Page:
GeForce GTX 295 Performance Pre-Preview
For the past six months NVIDIA’s been racing to shrink their entire GPU lineup to 55-nm. With the company currently embroiled in a price war with ATI, shrinking their graphics lineup from 65-nm to 55-nm is extremely important to improving the company’s bottom line. The smaller process benefits NVIDIA by reducing their manufacturing costs, while consumers also benefit thanks to reduced power consumption (and thus heat output). In theory, this also opens the door to improved overclocking chances as well, although in the case of TSMC’s 55-nm process, many of the high performance features found at 65-nm are removed in order to minimize costs.
In any case, shifting GPU production from 65-nm to 55-nm is a win-win for NVIDIA and the consumer.
Nowhere is this more imperative than at the high-end segment of the graphics market. NVIDIA’s GT200 GPU is a massive chip with 1.4 billion transistors and a 576mm^2 die size. In fact, some reports
have suggested the manufacturing cost for NVIDIA is over $100 per GT200 die alone. With GeForce GTX 260 prices falling from $400 at launch to nearly $200 today, getting these costs down is obviously important.
Besides production costs, the other problem NVIDIA currently faces with GT200 is its performance. While the chip is considered to be the fastest overall GPU on the market today, it isn’t as significant a performance leap as previous next-generation offerings. The performance jump from the 7800 GTX to the 8800 GTX for instance was greater. In our GeForce GTX 280 Performance Preview article, we found that the GTX 280 was generally outperformed by a pair of GeForce 8800 GTX cards running in SLI.
ATI exploited this reality with the Radeon 4870 X2. Boasting two RV770 GPUs clocked at 750MHz and 2GB of GDDR5 memory, the 4870 X2 is universally considered by all to be the world’s fastest graphics card. This is a title NVIDIA had held for nearly two full years. To add insult to injury, the Radeon 4850 X2 2GB recently took the second spot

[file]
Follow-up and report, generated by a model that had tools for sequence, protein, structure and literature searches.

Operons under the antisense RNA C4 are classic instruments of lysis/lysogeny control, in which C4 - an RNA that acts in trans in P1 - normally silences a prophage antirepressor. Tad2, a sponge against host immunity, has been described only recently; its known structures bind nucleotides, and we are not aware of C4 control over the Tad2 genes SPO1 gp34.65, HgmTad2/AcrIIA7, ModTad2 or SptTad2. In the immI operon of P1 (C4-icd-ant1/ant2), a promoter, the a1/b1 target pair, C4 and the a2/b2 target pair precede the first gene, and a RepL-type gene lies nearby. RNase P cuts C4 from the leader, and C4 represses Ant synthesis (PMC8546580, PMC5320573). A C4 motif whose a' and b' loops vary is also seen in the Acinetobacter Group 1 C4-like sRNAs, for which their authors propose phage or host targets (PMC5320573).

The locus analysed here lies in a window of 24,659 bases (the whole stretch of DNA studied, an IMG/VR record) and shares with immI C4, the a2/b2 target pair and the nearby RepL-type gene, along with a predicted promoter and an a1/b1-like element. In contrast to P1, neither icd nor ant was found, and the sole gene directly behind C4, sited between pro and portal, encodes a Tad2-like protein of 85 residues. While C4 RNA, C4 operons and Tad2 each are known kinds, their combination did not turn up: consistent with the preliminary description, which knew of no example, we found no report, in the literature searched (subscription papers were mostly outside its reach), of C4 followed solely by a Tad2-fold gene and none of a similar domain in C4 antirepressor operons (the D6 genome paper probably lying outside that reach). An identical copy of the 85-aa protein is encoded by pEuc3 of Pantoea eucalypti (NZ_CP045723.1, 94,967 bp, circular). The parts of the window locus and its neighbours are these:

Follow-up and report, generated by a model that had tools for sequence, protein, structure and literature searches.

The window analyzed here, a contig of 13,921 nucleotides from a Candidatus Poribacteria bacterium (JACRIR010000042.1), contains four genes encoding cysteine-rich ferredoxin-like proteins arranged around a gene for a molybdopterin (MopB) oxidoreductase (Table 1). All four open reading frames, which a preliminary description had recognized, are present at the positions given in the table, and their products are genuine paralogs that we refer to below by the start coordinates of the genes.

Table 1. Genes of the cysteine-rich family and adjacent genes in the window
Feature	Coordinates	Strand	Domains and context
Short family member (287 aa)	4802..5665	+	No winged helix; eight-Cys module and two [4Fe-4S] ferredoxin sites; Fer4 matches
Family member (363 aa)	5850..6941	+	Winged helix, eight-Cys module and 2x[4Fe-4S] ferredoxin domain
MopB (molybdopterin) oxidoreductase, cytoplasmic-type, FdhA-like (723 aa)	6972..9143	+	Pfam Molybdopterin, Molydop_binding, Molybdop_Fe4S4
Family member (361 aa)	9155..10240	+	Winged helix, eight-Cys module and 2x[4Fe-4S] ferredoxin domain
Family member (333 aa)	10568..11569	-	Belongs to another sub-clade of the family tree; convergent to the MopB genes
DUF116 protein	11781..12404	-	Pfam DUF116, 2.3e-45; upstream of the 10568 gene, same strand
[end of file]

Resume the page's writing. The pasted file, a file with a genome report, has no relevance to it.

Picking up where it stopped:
behind the 4870 X2, relegating the GeForce GTX 280 to third place in performance.
Shrinking GT200 to 55-nm helps solve this second problem for NVIDIA.
To tackle this issue, two strategies were available to NVIDIA: they could use the smaller process to add more shaders to GT200 and hope for higher clocks as well, or they could use the smaller process to resurrect the GX2 formula of fusing two GPUs onto one graphics card. Integrating two 65-nm GT200 GPUs onto one board isn’t feasible, as the TDP of such a board would be too high: one GTX 280 card has a max board power of 236 watts.
While rumors suggested
NVIDIA planned to offer enhanced GT206 and GT212 GPUs to combat ATI, ultimately NVIDIA opted for the second strategy of integrating two 55-nm GT200b GPUs onto one card to recapture the #1 position in graphics performance.
The GeForce GTX 295 is the designation NVIDIA has chosen for this beast. Armed with two 55-nm GT200b GPUs and 1.792GB of GDDR3 memory, the GeForce GTX 295 shares traits with the GTX 280 and GTX 260. It’s a hybrid of sorts that’s been designed to dethrone the Radeon 4870 X2. But does it accomplish its mission? Let’s find out!